Suddenly a great company of the heavenly host appeared with the angel, praising God and saying,
“Glory to God in the highest heaven,
and on earth peace to those on whom his favor rests.”
When the angels had left them and gone into heaven, the shepherds said to one another, “Let’s go to Bethlehem and see this thing that has happened, which the Lord has told us about.”
So they hurried off and found Mary and Joseph, and the baby, who was lying in the manger. When they had seen him, they spread the word concerning what had been told them about this child, and all who heard it were amazed at what the shepherds said to them.”
Luke 1:8-18

Amazingly, I was blessed to be blessed with understanding, Amen
“When Jesus was born in Bethlehem of Judea, in the days of King Herod,
behold, magi from the east arrived in Jerusalem and paid homage to Herod, saying,
“Where is the newborn King of the Jews?
We saw His star at its rising
and have come to do Him homage.”
When king Herod heard this,
he was greatly troubled (why? A King? This was his region!)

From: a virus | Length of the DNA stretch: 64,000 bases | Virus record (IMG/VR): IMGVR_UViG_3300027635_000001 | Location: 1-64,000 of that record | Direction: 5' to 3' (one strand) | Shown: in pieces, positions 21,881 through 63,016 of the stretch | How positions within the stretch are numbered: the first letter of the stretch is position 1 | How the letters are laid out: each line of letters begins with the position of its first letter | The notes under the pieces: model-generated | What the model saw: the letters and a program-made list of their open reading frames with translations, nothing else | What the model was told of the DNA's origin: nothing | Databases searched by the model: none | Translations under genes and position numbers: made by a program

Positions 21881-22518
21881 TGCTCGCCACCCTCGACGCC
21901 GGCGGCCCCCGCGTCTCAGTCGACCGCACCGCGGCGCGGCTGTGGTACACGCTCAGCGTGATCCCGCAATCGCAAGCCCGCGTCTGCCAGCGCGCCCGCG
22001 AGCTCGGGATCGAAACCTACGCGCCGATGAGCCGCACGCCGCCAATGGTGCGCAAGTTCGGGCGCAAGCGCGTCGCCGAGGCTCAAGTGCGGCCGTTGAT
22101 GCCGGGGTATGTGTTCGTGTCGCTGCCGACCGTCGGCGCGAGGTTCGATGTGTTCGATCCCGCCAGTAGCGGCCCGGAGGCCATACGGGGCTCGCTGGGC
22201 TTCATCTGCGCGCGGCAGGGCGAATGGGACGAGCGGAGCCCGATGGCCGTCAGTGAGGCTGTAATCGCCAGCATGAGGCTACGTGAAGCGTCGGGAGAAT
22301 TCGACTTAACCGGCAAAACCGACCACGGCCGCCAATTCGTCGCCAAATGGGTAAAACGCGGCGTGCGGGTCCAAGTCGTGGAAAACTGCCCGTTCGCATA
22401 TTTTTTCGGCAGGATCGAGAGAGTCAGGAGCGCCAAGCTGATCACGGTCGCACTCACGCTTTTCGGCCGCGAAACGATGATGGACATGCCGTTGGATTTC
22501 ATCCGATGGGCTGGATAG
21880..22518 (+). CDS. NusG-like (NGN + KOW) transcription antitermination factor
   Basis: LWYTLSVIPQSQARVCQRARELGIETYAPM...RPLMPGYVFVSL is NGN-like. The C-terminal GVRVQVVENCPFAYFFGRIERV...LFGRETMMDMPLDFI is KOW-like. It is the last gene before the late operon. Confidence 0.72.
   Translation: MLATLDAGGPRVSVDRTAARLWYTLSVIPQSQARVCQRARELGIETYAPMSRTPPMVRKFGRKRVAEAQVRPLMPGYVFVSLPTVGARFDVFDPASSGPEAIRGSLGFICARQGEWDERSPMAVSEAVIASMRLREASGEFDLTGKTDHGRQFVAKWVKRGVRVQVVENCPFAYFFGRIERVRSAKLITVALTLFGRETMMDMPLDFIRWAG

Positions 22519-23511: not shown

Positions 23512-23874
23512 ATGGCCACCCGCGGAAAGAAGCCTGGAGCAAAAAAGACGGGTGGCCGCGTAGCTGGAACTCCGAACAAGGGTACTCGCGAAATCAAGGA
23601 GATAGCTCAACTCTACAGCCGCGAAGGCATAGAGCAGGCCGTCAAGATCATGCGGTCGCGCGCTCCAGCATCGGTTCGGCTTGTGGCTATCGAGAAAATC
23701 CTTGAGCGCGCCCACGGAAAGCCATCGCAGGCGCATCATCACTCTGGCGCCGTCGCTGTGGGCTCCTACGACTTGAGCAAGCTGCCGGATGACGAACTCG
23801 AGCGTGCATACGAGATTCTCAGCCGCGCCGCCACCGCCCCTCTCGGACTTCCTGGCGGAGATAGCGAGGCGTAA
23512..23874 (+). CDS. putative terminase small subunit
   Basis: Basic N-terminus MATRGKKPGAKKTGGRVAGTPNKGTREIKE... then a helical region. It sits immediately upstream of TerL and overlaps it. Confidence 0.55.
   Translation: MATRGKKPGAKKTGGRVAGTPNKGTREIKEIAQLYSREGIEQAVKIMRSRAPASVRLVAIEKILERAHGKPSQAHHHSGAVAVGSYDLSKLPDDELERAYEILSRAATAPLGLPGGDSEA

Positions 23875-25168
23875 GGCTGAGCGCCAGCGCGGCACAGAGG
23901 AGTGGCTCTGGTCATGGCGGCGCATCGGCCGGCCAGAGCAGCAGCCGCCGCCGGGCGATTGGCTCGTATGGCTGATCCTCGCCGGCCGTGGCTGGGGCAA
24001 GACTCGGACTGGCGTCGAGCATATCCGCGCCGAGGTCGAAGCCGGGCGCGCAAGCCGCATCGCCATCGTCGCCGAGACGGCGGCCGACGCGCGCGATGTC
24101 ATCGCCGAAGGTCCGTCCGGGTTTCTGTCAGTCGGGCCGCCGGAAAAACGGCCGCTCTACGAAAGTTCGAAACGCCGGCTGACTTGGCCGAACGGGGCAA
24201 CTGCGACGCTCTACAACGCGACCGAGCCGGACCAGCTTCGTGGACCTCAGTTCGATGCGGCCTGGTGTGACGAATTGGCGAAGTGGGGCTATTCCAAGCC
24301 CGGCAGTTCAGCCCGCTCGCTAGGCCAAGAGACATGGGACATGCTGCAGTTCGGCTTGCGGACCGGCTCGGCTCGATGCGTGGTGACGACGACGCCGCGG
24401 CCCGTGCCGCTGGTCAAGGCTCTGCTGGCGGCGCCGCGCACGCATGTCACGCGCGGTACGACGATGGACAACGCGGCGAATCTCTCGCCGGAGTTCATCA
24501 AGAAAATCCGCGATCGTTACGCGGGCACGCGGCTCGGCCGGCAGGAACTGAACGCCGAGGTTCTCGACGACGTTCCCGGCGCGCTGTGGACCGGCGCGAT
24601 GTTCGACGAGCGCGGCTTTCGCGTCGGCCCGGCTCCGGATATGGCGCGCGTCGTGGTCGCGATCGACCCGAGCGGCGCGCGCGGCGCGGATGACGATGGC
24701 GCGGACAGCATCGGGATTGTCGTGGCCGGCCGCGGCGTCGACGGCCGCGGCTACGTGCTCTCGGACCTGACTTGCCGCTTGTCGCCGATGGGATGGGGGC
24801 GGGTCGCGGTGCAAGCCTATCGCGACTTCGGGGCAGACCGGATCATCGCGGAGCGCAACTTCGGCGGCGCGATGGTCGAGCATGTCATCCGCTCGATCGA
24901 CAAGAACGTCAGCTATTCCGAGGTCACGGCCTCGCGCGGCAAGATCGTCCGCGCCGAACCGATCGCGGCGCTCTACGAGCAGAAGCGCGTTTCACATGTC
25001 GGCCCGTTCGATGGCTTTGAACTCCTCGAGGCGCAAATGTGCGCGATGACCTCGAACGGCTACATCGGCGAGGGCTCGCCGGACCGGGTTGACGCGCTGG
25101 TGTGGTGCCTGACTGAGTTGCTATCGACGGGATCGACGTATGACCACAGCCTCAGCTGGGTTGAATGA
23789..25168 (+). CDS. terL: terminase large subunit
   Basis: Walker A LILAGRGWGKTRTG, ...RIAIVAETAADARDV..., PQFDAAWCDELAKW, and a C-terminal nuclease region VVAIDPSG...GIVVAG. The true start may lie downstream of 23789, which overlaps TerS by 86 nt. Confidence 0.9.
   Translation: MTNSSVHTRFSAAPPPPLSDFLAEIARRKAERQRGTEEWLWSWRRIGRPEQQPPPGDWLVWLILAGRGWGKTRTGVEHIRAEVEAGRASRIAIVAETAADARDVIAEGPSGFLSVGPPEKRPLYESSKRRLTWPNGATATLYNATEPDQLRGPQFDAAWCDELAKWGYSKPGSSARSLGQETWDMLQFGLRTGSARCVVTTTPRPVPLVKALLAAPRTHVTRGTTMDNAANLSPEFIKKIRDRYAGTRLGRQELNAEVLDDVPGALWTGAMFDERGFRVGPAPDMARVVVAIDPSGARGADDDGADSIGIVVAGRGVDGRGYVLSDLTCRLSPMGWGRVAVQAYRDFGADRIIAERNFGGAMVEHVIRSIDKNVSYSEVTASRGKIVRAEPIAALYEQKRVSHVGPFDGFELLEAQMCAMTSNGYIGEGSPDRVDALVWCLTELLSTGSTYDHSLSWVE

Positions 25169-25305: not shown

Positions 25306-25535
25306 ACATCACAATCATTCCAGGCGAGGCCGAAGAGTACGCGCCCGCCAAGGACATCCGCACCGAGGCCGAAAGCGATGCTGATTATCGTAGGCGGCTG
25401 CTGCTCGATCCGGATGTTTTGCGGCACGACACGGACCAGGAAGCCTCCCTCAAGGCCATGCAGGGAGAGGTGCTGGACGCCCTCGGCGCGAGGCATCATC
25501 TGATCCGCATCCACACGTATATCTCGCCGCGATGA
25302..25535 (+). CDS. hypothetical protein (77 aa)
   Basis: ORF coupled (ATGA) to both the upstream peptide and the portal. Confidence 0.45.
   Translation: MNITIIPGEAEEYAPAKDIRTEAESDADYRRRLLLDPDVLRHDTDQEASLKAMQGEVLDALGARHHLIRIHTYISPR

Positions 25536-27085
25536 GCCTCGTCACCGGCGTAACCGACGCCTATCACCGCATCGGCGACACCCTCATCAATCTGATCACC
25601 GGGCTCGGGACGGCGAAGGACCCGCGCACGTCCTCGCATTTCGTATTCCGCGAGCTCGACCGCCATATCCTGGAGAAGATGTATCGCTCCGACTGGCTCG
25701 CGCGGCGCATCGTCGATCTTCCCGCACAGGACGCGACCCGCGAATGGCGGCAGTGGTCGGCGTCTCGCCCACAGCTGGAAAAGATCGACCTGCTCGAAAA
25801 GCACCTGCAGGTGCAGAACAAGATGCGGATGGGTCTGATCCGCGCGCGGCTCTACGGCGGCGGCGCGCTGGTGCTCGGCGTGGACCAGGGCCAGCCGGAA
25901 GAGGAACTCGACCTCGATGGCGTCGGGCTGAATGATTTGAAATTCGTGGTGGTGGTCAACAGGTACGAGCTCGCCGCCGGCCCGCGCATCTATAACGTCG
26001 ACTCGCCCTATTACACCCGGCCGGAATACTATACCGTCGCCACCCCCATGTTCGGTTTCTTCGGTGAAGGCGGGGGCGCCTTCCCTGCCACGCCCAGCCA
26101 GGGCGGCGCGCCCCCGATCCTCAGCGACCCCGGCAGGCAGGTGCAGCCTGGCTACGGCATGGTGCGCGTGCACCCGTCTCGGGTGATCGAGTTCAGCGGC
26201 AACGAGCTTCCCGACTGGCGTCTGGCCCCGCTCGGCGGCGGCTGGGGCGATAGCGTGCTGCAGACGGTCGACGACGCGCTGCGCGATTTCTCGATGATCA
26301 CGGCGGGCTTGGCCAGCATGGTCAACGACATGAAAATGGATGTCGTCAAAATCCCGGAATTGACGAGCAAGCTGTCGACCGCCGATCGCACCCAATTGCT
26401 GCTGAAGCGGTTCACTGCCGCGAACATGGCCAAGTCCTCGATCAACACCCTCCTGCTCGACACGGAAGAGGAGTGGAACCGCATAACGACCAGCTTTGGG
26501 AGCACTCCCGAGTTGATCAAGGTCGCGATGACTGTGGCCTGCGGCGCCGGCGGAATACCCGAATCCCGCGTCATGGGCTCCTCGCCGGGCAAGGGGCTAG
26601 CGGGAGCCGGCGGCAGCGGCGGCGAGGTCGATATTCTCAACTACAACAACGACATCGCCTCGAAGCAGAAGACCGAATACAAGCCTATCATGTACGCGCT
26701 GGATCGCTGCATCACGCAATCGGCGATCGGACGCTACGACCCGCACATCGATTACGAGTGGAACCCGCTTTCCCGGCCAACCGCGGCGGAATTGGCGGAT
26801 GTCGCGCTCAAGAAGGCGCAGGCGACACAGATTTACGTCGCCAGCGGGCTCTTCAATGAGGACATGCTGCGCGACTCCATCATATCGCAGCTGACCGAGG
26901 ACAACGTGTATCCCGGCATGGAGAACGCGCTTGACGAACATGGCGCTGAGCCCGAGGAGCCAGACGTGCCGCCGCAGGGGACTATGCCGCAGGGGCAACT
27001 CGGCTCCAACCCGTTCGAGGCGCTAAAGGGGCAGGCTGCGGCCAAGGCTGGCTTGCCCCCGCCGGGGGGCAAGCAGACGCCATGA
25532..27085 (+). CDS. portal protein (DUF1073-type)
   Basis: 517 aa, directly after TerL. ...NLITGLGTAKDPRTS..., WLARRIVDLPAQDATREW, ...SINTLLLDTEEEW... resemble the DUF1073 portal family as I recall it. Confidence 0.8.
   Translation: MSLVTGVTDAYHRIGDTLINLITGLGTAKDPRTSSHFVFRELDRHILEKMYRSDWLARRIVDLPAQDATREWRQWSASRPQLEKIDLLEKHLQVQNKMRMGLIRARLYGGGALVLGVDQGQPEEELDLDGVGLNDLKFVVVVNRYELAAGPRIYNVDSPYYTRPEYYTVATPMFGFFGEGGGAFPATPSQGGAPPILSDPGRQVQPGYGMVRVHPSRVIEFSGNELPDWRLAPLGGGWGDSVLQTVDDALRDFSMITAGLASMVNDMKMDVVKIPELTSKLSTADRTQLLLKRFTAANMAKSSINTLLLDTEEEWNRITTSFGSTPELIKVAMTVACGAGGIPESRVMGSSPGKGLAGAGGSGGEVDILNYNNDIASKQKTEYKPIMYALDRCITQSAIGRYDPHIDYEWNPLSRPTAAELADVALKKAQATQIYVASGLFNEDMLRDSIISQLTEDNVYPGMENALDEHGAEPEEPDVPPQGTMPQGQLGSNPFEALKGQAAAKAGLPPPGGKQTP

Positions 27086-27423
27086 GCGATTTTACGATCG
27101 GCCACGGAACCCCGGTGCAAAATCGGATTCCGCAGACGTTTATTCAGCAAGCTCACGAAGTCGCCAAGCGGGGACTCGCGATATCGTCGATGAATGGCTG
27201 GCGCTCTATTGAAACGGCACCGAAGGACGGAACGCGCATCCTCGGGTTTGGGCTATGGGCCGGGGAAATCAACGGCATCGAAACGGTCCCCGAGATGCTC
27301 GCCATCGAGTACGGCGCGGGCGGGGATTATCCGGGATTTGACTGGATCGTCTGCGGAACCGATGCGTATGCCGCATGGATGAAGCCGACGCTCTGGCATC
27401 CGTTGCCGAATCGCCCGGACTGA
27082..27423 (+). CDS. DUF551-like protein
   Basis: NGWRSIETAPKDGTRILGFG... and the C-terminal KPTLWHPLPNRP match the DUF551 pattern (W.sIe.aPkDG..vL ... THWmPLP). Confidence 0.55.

and all Jerusalem with him (it was made clear that a multitude was made aware! Not just people on the ‘grounds’ of the ‘palace’.)
Assembling all the chief priests and the scribes of the people (same group that conspired to kill The Christ! Makes you really wonder!)
He inquired of them where The Christ was to be born (again, of the studied and well read: schooled in the law/Scripture/His-story (not understanding ‘their’ place at the time.)
They said to king Herod, “In Bethlehem of Judea,
for thus it has been written through the prophet:
And you, Bethlehem, land of Judah,
are by no means least among the rulers of Judah;
since from you shall come a ruler,
who is to shepherd my people Israel.”
Then Herod called the magi secretly (again this points to the timeline – not the stable as we are taught, Jesus was born at this time and The star led them to His location, Amen)
and ascertained from the magi who had traveled from a far, the time of the star’s appearance.